Ideally your new employee should read your Handbook prior to starting work with you. It can save you time (and money) in having to go through every minor detail of your business. When you need to ‘pull someone into line’ you can use your handbook to back up your reasoning. For example, if someone comes to work in a pair of flip flops you can refer them to your handbook which outlines not only what to wear but more importantly why. It’s not just because you are being picky or you don’t like beach wear, it’s because you have a  formal policy that explains the conduct you expect and why (eg for safety reasons) . This is another document that those scary lawyers will ask for if you get in a pickle with an employee.

The Position Description

This is your fall back document. This is where you outline in detail the tasks you are expecting your employee to do on a daily basis. It also outlines the skills, experience, knowledge & qualifications you are looking for in someone to be able to do the job. I could talk forever about PDs (how sad) however, in this context the PD will be your back up when someone is not performing to the standards you expect. It helps you take the emotion out of a difficult conversation (there’s another blog) when you can explain that a particular task is not being done ‘as outlined in the Position Description’. This forms the basis of a performance management process if you are in a position where you might need to manage someone out of your business. (Michelle’s Note: I did performance reviews in order to get MORE out of my employees. It was a great way to work out that they had reached the point of needing to be promoted.)

For further information specific to your area,  your local government agency should have templates and information online to assist you through this process – several online small business websites run by local municipalities have resources such as sample offer letters, sample employee handbooks and so on.

You may think that this is overkill for a small business however, labour is most likely going to be your biggest single cost and so it’s important you are risk averse to protect you from things such as unfair dismissal claims and costly legal stoushes with disgruntled employees. (Michelle’s note: This article is not trying to scare you. Most of the time, employees are wonderful and there are no issues – but making sure these kinds of documents are part of your systems and procedures is like buying insurance for your business. You really don’t think you’ll ever use it, but you don’t want to be caught without it.)

3 comments on “HR for Cakers 101: How to Be A Proper Bosslady

  1. Thank you so much Belinda & Michelle. This comes at the perfect time. I’m writing my new employee’s contract and PD as we speak – eeek! It’s hard to decide what I actually want her to be doing – so many tasks to choose from 😛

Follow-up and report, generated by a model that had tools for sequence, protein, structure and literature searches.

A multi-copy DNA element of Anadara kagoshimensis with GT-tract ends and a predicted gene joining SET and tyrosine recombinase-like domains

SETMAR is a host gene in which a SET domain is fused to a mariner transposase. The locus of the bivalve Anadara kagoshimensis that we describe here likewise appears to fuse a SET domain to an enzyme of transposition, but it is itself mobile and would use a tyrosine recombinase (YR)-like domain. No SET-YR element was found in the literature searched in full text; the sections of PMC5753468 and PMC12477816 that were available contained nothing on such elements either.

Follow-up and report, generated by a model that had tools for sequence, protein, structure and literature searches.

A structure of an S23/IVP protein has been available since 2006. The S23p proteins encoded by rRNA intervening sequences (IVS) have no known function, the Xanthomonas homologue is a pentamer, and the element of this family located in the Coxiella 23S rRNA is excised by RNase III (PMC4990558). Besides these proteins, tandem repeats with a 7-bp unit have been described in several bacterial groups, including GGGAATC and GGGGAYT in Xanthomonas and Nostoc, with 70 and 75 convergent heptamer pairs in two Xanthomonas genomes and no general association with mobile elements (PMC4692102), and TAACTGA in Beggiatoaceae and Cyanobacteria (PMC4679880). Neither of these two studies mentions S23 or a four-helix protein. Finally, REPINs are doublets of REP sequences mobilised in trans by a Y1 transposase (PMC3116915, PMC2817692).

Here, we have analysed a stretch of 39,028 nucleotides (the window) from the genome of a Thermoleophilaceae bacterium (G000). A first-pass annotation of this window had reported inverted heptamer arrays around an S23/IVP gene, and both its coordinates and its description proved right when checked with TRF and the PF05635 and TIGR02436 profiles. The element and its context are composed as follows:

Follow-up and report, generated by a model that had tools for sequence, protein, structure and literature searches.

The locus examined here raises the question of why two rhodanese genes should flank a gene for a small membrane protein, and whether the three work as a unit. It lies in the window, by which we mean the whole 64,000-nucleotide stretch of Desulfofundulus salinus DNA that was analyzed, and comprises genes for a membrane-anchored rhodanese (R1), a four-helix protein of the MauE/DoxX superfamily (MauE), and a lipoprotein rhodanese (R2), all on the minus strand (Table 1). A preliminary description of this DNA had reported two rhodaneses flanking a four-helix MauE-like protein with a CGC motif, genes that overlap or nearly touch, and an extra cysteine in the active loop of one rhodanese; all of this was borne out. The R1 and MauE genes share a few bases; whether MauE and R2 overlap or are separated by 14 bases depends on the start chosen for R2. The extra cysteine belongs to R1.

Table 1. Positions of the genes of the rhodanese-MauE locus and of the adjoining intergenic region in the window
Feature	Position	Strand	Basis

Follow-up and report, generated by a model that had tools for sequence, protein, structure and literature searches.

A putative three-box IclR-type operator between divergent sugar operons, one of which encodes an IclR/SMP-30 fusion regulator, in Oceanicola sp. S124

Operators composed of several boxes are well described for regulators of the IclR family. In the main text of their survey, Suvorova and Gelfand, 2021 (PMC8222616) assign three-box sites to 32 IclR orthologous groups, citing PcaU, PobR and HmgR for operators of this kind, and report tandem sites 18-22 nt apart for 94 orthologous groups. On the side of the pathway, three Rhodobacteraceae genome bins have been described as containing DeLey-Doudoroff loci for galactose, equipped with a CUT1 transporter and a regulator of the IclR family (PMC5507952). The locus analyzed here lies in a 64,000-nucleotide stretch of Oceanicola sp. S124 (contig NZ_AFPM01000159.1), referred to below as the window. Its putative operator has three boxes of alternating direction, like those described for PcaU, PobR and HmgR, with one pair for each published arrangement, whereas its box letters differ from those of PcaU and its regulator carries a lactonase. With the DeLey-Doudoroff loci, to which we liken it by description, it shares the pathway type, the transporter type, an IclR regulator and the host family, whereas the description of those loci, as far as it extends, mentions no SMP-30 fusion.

2. Belinda, thank you — that was super helpful as it is indeed one of the scarier parts of running a business. I hope Michelle holds you to writing further posts on all the other areas you mentioned!

    In my ‘day job’ I’ve had to write descriptions for all the positions in our company. I recommend it for newbies who are trying to visualize their business’s organization, as just going through the process of defining the specific tasks each position is to entail really sharpens your focus and clarifies a number of surrounding issues.

    Although it’s a bit unorthodox, I actually recommend that a small company write position descriptions as if it were a larger company. For instance, even if right now one person is baking, decorating, cleaning-up, and delivering, I’d recommend writing those as four separate job descriptions. Not only does that help you really pinpoint where the tasks belong and help you understand the flow of the various processes — you have the descriptions all ready to roll if the company enlarges and you DO need to hire a baker, a cleaner, and a delivery guy!

    Michelle, thanks very much for thinking to offer this post! Personally I’ll cast my vote for the next one to be recruitment and selection — might as well cover them in a logical order, no? 🙂

    1. Hi Anna,

      I’m really glad you found the blog useful and it sounds very relevant to your work experience. In the Corporate World we use PDs to align people’s daily activities to the Strategic Business Plan so everyone is working towards the same goal. As you would appreciate Anna, keep them brief (2 pages max) and be clear and concise with your wording then you should be able to give your people some autonomy to get on with the job your paying them to do.

      I look forward to contributing to Michelle’s blog in future.

      Thanks for sharing your ideas too.